People who don’t live in Miami are fond of saying we have no history here. This is not even close to the truth. We have lots of history! It’s just that some of it isn’t the kind the Chamber of Commerce likes to brag about.
We do, though. Especially the Cocaine Cowboys decade - also known as the 1980s or “that time people indulged in really questionable acid-washed jeans and murder.” It was one of Miami’s more memorable eras, making national news in 1979 after the Dadeland Massacre, during which gunmen opened fire on drug rivals shopping at Crown Liquor.
The era is so memorable that local filmmakers Billy Corben and Alfred Spellman made a couple of movies about it. Corben has now co-written a play with Aurin Squire entitled “Confessions of a Cocaine Cowboy” for Miami New Drama. Previews of the play, directed by Michel Hausmann, start March 7 at the Colony Theatre on Lincoln Road (the official opening night is March 16).
In honor of this achievement - which, quite frankly, we can’t wait to see - we decided to take a trip down memory lane to remember these bad old days in Miami, courtesy of Flashback Miami.
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First of all, there was a lot of cocaine
This is 627 pounds of cocaine on a desk at a DEA office in Miami in 1984.
No, seriously, a lot
Federal agents with some of the 6,292 pounds of cocaine smuggled inside a wooden picnic table in 1987. That would’ve have been some picnic.
Sometimes it came by plane
A twin engine plane sits on I-75, west of the Palmetto, around 138th Street and 97th Avenue after it landed and the pilot fled. Yes. It was a suspected drug plane.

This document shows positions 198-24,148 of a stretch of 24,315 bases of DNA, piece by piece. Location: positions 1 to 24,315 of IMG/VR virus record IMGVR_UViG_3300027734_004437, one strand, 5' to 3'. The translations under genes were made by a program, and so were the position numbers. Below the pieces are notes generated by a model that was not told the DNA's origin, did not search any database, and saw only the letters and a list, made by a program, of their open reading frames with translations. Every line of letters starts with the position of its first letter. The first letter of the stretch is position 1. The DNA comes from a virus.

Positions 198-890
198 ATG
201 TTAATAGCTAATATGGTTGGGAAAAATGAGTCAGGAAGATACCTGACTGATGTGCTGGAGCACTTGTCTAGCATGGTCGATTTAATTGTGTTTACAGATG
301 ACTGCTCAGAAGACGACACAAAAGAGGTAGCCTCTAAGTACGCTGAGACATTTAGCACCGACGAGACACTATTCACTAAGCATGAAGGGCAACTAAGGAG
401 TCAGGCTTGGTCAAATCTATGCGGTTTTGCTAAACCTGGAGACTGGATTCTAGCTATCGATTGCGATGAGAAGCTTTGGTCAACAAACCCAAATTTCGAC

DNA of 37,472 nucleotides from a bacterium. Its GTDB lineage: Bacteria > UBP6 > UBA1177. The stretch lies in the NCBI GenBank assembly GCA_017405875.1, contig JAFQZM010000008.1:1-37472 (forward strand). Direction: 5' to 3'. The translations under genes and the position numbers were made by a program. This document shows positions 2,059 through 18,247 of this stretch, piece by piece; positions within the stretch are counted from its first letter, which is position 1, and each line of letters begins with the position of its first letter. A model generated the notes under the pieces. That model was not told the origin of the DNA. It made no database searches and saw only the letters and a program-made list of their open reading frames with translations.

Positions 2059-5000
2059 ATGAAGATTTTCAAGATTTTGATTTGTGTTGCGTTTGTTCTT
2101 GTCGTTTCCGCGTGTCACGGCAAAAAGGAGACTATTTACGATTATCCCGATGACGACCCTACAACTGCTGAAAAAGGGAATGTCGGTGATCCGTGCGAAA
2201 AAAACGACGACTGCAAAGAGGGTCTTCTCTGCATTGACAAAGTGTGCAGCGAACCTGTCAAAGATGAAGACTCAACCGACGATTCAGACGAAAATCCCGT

Sometimes by boat
A cocaine seizure in 1985. We have no information on how much was confiscated in this particular bust, but in our expert opinion it was seriously a lot.
Sometimes by truck
DEA agents guard a seized container truck carrying a shipment of cocaine packaged inside bags of brown sugar.
In 1987, Metro police Capt Jim Pridgen, supervisor of narcotics unit, stands in front of about 200 pounds of cocaine found in the trunk of a car at Northwest 28th Street and 32nd Avenue.
And then there were the bottles
In August of 1990, the FBI confirmed the presence of cocaine in eight 6.16 oz bottles of pony Malta De Bavaria which had been collected by the county public health unit from a local distributor that supplied Pony Malta De Bavaria to the lunch truck trade in Miami-Dade and Broward counties. Note the difference between the products. The bottle on the left was laced with cocaine. The bottle on the right is the authentic product. Talk about a pick me up.
Sometimes even by bear
This Care Bear cared - about paying for some cocaine. Officer Frank Bele poses with the empty bear, which contained $156,000 in cash, in 1985.
Sometimes, even the cocaine got shot
Acting assistant special agent in charge for the DEA. Paul A. Teresi, whose jacket is en fuego 1985 style, points to a bullet hole in a kilo of cocaine the D.E.A. confiscated. Not even the drugs were safe.
“Confessions of a Cocaine Cowboy” by Miami New Drama
Where: Colony Theatre, 1040 Lincoln Road, Miami Beach
When: Previews March 7-15; performances March 16-April 7